Climate change; why the case for green taxes has still to be won – Bill Carmichael

THIS week Alok Sharma, president of the COP26 summit, became the latest in a long line of politicians, scientists and celebrities to warn of the dire consequences of man-made climate change.
Are public attitudes over climate change shifting as wild fires ravage Greece and parts of Europe?Are public attitudes over climate change shifting as wild fires ravage Greece and parts of Europe?
Are public attitudes over climate change shifting as wild fires ravage Greece and parts of Europe?

He said we were now “dangerously close” to running out of time to limit the rise in global temperatures, and that the results will be “catastrophic” if no urgent action is taken to reduce carbon emissions.

He isn’t the first to make such a claim, and I doubt he will be the last. In fact Mr Sharma’s prediction is at the moderate end of the spectrum. For at least 20 years, we’ve been subjected to far worse warnings including claims that the world will end in 12 years’ time and billions will die, because of climate change.

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But despite these blood-curdling forecasts the general public seems unmoved – at least up to now. Bread and butter issues such as jobs, taxes, housing, health and education take precedence. Party canvassers report that climate change rarely crops up in doorstep conversations with voters.

Alok Sharma is president of the COP26 climate change summit.Alok Sharma is president of the COP26 climate change summit.
Alok Sharma is president of the COP26 climate change summit.

Perhaps that is finally starting to change. I am told that usage statistics for online news show that stories about climate change are becoming increasingly popular. Mainstream news organisations are certainly ramping up coverage of this issue.

And this week a new survey indicated that perhaps the public is finally ready for the massive costs and drastic changes to lifestyle that will be necessary to decarbonise the economy.

Polling by Ipsos Mori found that 56 per cent of those questioned wanted the Government to reduce carbon emissions even faster than current targets, 54 per cent wanted all coal-fired power generation to end and 35 per cent supported the Government’s ban on the sale of new petrol cars from 2030.

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Jessica Long, head of sustainability at Ipsos Mori, said the survey showed how keen Britons are for the Government to take action against climate change with “a particular interest in tighter regulations”.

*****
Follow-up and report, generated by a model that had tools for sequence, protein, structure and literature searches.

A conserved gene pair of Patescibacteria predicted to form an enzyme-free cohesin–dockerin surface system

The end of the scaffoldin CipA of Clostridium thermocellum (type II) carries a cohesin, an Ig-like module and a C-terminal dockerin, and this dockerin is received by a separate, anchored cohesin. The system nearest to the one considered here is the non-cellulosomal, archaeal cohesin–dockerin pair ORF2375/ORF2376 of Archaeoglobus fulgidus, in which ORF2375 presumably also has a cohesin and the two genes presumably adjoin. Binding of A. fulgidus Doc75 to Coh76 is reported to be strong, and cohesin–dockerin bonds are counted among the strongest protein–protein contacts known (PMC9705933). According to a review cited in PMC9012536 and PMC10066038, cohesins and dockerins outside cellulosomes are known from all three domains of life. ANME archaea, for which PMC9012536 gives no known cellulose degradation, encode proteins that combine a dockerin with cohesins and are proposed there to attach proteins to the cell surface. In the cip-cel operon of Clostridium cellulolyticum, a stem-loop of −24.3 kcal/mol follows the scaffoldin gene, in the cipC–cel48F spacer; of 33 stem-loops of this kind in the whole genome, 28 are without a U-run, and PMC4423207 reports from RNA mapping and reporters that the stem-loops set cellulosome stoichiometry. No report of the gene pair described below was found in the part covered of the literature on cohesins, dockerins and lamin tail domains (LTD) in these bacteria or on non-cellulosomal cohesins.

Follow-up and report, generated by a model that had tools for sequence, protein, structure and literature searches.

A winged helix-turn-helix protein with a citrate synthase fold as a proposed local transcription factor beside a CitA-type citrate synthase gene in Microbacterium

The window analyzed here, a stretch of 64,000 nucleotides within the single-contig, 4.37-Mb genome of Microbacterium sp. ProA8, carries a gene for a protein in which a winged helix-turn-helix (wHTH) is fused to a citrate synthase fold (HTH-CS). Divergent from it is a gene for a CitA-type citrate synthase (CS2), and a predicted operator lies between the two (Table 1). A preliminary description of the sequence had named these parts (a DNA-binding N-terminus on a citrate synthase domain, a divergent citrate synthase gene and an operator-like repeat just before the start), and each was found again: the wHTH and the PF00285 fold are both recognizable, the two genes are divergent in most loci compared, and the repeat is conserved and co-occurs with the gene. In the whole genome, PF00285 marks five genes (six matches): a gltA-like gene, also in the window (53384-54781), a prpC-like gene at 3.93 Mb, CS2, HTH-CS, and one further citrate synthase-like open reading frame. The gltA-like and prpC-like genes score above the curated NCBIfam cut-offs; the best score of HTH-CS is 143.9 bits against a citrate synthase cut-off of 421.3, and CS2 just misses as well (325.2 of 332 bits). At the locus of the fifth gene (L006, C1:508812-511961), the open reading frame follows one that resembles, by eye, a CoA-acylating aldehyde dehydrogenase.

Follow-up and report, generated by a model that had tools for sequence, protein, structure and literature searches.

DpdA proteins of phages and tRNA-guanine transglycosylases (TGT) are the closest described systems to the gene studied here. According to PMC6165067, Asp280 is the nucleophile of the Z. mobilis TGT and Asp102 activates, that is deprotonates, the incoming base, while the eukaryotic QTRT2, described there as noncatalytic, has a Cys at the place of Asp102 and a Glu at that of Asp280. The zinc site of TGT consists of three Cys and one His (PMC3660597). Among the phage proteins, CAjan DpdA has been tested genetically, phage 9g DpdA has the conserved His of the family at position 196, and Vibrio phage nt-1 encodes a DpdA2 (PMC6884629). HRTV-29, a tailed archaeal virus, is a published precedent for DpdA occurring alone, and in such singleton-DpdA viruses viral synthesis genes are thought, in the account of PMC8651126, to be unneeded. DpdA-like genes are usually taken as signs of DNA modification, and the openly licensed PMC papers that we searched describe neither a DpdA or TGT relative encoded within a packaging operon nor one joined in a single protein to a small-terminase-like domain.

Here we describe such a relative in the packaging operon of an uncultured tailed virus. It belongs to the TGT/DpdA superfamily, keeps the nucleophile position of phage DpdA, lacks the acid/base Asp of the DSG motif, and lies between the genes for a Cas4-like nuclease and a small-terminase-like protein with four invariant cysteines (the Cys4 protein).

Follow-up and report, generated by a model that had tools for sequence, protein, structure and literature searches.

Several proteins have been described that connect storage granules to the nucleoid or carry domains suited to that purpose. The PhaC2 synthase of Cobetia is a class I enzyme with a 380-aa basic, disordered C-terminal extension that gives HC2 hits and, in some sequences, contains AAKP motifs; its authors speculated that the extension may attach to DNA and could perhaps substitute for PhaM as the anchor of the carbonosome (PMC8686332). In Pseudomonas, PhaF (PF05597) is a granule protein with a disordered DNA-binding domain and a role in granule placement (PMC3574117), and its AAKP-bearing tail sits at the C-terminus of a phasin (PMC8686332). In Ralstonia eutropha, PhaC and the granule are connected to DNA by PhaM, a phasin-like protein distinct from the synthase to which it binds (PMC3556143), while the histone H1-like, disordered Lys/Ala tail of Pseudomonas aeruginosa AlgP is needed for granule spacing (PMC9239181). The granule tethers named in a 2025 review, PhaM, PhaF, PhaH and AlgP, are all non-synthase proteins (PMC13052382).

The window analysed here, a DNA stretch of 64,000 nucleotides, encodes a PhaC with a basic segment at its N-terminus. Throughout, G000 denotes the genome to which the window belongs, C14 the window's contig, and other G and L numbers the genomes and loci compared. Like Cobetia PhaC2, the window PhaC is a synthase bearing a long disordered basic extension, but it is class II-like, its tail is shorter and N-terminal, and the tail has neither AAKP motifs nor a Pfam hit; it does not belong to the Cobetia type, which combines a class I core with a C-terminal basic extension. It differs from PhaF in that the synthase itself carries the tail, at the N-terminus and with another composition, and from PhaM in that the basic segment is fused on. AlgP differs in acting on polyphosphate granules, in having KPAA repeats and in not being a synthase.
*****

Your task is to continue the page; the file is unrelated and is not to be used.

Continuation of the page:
The clean-up operation after recent floods in Germany.The clean-up operation after recent floods in Germany.
The clean-up operation after recent floods in Germany.

Well, perhaps she is right, but colour me sceptical. Sure, when looked at in the abstract people are keen to pay more to combat climate change, but I wonder if their enthusiasm will wane once the bill hits the doormat.

Take, for example, the important issue of home heating. To reach government targets of net zero emissions by 2050, about 80 per cent of UK homes are going to have to switch from fossil fuels, such as gas, and install entirely new heating systems.

Will people be happy to rip out efficient and serviceable gas boilers and replace them with a ground heat pump at an estimated cost of between £12,000 and £20,000 per household?

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I don’t think so, and it comes as absolutely no surprise to discover that, according to some reports, the Government is backtracking on its commitment to ban gas boilers from 2035.

Expect more U-turns as reality bites. For another example, the public are keen on electric vehicles, which are clean and efficient, although new models are way out of the price range of most ordinary families.

Perhaps the price will come down over time but, either way, once the ban on new petrol cars comes into force we will all be required to switch to electric. But this leads to a simple question that has not been properly addressed – where is all the extra electricity to come from?

We are told we must phase out fossil fuels, which account for about 42 per cent of total energy generation, and nuclear, which provides 17 per cent. Currently renewables account for less than a quarter, and will need to be expanded massively just to cope with current demand. We are going to need two or three times the current electricity generation capacity to decarbonise transport. Where will this electricity come from and what is the cost?

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And that’s before we get around to telling people to stop eating meat and taking an annual flight for their summer holidays.

In all, I think delegates at the COP26 climate change conference in Glasgow in November have their work cut out to persuade countries to adopt tough emission targets, particularly when you consider that China is currently building three times more new coal power plants than the rest of the world put together.

In UK terms, and still more in global terms, anything approaching net zero looks a long way off.

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